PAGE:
http://enoughbesides.live enoughbesides Keeping that in mind, researchers at Singapore’s Agency for Science, Technology and Research (A*STAR) have recently announced success in digitally simulating these brain cells and use them on robots. The results: like a human, these robots began showing signs of natural navigation skills!
whetherthree visit “Artificial grid cells could provide an adaptive and robust mapping and navigation system. Humans and animals have an instinctual ability to navigate freely and deliberately in an environment rather effortlessly.”
http://sortbigger.live sortbigger Led by Dr. Haizhou Li, who is a professor at A*STAR, the researchers decided simulate the neurons by creating a simple two-dimensional model of the cells in software, which would then be used to help navigate a small-wheeled robot. Once they set loose the robot in a 35-square-meter office space, the robot began showing signs of natural navigation, finding its way around the office over time without any human aid. When analyzing the basic neural network they engineered as the robot began navigating itself, they could see similar acts of artificial neurons firing off as they would in a biological brain.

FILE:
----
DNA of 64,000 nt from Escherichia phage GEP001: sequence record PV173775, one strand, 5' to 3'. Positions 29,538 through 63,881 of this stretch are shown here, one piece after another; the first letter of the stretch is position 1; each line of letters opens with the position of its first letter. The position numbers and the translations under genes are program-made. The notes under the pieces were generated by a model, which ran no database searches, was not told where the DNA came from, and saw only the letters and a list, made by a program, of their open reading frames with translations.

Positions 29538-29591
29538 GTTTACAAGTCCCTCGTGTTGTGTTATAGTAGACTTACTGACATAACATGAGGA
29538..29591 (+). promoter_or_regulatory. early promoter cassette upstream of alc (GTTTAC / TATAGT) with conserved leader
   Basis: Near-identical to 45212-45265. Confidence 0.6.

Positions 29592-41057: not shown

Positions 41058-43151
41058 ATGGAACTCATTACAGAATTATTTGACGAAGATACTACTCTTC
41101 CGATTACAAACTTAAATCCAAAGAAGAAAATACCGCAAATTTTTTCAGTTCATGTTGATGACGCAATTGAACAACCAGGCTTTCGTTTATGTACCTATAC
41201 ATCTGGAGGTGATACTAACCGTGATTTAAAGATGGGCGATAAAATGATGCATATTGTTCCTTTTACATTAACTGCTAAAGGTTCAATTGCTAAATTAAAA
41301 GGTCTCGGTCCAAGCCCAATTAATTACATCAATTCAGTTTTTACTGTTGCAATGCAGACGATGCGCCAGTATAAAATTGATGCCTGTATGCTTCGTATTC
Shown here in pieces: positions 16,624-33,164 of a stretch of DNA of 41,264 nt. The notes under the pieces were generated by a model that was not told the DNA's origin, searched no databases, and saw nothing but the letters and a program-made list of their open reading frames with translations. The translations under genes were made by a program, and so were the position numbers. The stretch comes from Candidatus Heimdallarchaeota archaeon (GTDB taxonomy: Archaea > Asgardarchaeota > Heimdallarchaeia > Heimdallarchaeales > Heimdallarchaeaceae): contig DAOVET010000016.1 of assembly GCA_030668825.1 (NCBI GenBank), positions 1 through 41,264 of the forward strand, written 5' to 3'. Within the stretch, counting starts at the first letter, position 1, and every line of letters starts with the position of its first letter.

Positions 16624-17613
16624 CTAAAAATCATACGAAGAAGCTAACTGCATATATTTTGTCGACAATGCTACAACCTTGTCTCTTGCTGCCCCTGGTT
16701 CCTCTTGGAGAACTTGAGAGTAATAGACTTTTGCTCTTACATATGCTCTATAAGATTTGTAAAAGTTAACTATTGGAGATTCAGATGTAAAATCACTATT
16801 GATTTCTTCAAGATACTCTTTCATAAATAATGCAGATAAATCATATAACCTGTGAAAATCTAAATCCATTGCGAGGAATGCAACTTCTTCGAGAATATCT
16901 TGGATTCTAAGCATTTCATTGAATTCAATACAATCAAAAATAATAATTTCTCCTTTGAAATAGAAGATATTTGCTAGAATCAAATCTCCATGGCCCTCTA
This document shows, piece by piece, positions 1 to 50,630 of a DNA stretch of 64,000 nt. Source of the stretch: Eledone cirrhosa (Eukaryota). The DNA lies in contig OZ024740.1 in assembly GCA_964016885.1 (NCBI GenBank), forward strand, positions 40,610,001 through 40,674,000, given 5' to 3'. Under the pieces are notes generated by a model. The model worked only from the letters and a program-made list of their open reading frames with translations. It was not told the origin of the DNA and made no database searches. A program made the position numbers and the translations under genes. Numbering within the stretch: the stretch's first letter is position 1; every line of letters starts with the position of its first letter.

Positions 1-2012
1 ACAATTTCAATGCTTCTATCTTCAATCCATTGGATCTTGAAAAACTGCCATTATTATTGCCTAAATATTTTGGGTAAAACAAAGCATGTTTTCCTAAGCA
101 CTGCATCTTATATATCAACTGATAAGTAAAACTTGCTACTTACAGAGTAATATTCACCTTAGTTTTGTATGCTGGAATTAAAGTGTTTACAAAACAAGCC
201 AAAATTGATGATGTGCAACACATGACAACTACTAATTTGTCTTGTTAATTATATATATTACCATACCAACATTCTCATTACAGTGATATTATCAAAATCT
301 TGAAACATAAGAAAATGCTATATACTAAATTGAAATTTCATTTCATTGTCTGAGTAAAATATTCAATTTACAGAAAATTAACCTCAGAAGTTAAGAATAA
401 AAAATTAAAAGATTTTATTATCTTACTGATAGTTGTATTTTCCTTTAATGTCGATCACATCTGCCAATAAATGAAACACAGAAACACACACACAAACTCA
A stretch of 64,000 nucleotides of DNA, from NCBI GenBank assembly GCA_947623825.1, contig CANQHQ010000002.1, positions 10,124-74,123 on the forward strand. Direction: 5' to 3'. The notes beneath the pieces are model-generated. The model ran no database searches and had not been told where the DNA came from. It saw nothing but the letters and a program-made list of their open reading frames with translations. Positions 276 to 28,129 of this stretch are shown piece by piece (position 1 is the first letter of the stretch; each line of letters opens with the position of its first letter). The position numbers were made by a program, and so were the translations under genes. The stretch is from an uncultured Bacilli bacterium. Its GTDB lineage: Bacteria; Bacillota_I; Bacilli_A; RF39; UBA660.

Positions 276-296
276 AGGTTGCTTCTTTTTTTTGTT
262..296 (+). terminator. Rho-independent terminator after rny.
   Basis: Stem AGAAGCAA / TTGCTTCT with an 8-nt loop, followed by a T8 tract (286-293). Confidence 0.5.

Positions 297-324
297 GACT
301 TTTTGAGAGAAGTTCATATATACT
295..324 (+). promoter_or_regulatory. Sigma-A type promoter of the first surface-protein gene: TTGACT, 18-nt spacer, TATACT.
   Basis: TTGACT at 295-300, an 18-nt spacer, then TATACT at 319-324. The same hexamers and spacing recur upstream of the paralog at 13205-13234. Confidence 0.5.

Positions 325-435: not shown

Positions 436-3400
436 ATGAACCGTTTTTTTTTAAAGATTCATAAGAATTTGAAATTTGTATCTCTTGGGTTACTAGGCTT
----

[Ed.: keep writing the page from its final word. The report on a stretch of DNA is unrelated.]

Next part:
http://animalsanybody.live animalsanybody While the robot’s neural network was by no means a match to the complexity of an actual human brain, what the researchers had shown was that, despite the brain’s complexity as a whole, the subset of neurons which make up a biological brain can be simulated rather successfully using digital components and be used to help increase the complexity and efficiency in automated machines. This opens up many avenues of research for the future of robotics, including those who may very well walk amongst us in a decade’s time, enjoying life as we’ve come to enjoy it as well.